I am a reformed Mets fan, but until now I was unaware that July 1st is “Bobby Bonilla Day.”
Apparently, this is the date each year the Metropolitans pay about $1.19 million to the former All-Star, part of their deal made in 2001 to buy out the slugger’s $5.9 million contract. The negotiated settlement, which includes annual payments through 2035, was made by the team’s prior owners, when they couldn’t afford a lump sum and were counting on investments – including Bernie Madoff’s Ponzi scheme – to return large profits.
Despite the fact Bonilla hasn’t played Major League Baseball since October 2001, the now 58-year-old will receive his pound of New York flesh until he’s 73.
Apparently, such deferred buyouts aren’t rare in pro sports, or baseball. But can any reasonable person hear about this without being aghast at the amounts involved? The Mets, for their part, have embraced this “holiday.” Under a new promotion conceived by owner Steven Cohen, who acquired the majority share of the team last year, fans will have the opportunity to book an “Airbnb” overnight stay at Citi Field for $250, including throwing out the first pitch at a game. It’s first come, first served.
Sounds like a good case of making a silk purse from a sow’s ear, while glomming up some press. But when I first heard about Bobby Bonilla Day in a radio story, I had to do a mental double-take. This is a big missed opportunity for both the Mets and Bonilla himself.
How great would it be if upon receiving his fat check each July 1st, Bonilla turned it over to a worthwhile charity, in its entirety or just a big percentage? Surely he continues to enjoy a wealthy lifestyle as a result of the team’s prior payments, his Players Association pension, and the appearance and autograph fees all former baseball greats command in their retirement.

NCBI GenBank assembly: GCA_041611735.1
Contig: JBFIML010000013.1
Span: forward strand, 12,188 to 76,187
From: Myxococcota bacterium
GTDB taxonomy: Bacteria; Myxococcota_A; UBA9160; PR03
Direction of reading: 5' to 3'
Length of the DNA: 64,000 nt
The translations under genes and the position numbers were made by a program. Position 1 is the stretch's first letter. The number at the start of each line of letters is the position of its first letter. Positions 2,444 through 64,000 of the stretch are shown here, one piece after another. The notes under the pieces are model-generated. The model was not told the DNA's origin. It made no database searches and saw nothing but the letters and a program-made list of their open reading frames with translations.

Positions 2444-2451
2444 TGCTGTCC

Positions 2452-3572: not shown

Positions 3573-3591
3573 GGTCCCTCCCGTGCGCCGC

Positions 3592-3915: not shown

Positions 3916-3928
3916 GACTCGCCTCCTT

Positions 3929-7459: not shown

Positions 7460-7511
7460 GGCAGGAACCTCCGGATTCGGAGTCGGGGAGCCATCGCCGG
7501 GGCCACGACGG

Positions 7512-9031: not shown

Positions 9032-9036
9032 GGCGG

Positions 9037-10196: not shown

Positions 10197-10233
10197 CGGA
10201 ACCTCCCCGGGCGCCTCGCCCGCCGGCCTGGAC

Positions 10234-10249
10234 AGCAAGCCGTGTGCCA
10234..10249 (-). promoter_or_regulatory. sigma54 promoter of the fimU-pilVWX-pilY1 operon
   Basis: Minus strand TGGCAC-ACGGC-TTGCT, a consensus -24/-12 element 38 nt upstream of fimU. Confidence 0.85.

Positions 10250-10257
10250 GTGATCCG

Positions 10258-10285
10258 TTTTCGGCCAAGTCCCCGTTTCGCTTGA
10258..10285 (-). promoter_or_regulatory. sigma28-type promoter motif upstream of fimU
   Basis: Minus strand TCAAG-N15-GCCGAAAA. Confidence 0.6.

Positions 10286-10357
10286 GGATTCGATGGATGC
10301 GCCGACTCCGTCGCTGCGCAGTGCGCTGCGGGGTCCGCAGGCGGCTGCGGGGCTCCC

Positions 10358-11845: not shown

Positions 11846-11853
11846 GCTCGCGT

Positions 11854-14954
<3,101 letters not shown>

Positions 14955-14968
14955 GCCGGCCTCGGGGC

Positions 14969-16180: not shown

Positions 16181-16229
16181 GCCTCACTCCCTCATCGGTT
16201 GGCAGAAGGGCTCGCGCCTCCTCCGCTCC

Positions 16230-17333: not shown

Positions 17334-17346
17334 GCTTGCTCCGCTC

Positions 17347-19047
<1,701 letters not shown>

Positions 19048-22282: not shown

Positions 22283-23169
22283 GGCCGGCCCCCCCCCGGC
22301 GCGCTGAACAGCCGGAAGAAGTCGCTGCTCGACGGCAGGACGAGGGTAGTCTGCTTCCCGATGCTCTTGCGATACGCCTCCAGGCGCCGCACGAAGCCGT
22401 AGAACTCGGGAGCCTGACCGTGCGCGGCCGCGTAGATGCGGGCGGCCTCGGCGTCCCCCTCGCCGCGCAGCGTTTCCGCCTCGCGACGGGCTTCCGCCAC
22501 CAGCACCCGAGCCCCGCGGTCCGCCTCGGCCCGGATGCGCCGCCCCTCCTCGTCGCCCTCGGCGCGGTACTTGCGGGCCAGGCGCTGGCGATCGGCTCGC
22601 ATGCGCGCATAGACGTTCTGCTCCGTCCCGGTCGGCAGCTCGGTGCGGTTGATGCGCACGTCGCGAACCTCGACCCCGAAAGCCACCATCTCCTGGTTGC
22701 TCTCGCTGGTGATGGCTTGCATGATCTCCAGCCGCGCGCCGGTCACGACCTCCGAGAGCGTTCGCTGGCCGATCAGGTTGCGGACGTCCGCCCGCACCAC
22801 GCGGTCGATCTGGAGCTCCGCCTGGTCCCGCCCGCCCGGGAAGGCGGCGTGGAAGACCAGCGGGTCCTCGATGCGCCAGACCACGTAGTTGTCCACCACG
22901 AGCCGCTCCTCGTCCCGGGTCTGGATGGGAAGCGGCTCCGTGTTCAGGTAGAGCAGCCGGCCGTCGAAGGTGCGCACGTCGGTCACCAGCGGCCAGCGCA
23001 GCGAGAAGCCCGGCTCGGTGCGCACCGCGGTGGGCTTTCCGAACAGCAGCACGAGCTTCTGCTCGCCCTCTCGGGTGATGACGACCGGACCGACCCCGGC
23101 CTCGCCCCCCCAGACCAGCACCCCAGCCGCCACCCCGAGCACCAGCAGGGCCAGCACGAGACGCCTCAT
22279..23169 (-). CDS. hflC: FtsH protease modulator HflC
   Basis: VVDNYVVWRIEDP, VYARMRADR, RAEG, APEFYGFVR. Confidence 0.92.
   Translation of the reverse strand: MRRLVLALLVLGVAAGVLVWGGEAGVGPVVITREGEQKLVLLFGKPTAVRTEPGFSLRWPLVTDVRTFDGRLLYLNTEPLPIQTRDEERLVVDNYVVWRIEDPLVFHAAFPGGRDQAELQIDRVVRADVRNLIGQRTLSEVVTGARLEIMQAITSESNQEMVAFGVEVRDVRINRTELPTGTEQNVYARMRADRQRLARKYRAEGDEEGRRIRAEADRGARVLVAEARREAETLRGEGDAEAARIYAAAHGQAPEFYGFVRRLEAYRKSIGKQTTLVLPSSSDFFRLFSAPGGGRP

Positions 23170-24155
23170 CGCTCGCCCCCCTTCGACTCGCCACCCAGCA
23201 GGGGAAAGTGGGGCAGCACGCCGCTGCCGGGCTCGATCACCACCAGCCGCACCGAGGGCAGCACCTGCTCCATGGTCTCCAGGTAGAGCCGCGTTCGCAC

Wouldn’t such a gesture turn everyone’s expectations of the highly paid professional athlete on its ear? Fans have become so jaundiced over the years by exorbitant salaries that just keep escalating. An annual donation to a children’s hospital, a charity that encourages young people in sports and life, or a rotating beneficiary, would go a long way toward restoring fans’ faith in professional athletes.
Indeed, Bonilla has been charitable in the past; he and his wife created the Bobby and Millie Bonilla Public School Fund in 1992 and donated $500 for every home run he hit for the Mets. An online search indicates the charity doesn’t exist any longer.
And while most teams without “Yankees” in their name are perpetually strapped for cash, wouldn’t it be wonderful if their cross-town rivals used Bobby Bonilla Day to donate 10 percent on top of their payout each year to a New York-area cause?
Better yet, how about the Mets and Bonilla personally negotiate a new deal 10 years in, in which they each donate 5 percent of the annual payment to a mutually agreed-upon charity, like United Way, The Red Cross, Alzheimer’s Association, Cystic Fibrosis Foundation, or the American Cancer Society? It would be a great PR coup, while truly embracing a day that no doubt sticks in the craws of many.
Now that would give fans something to cheer about.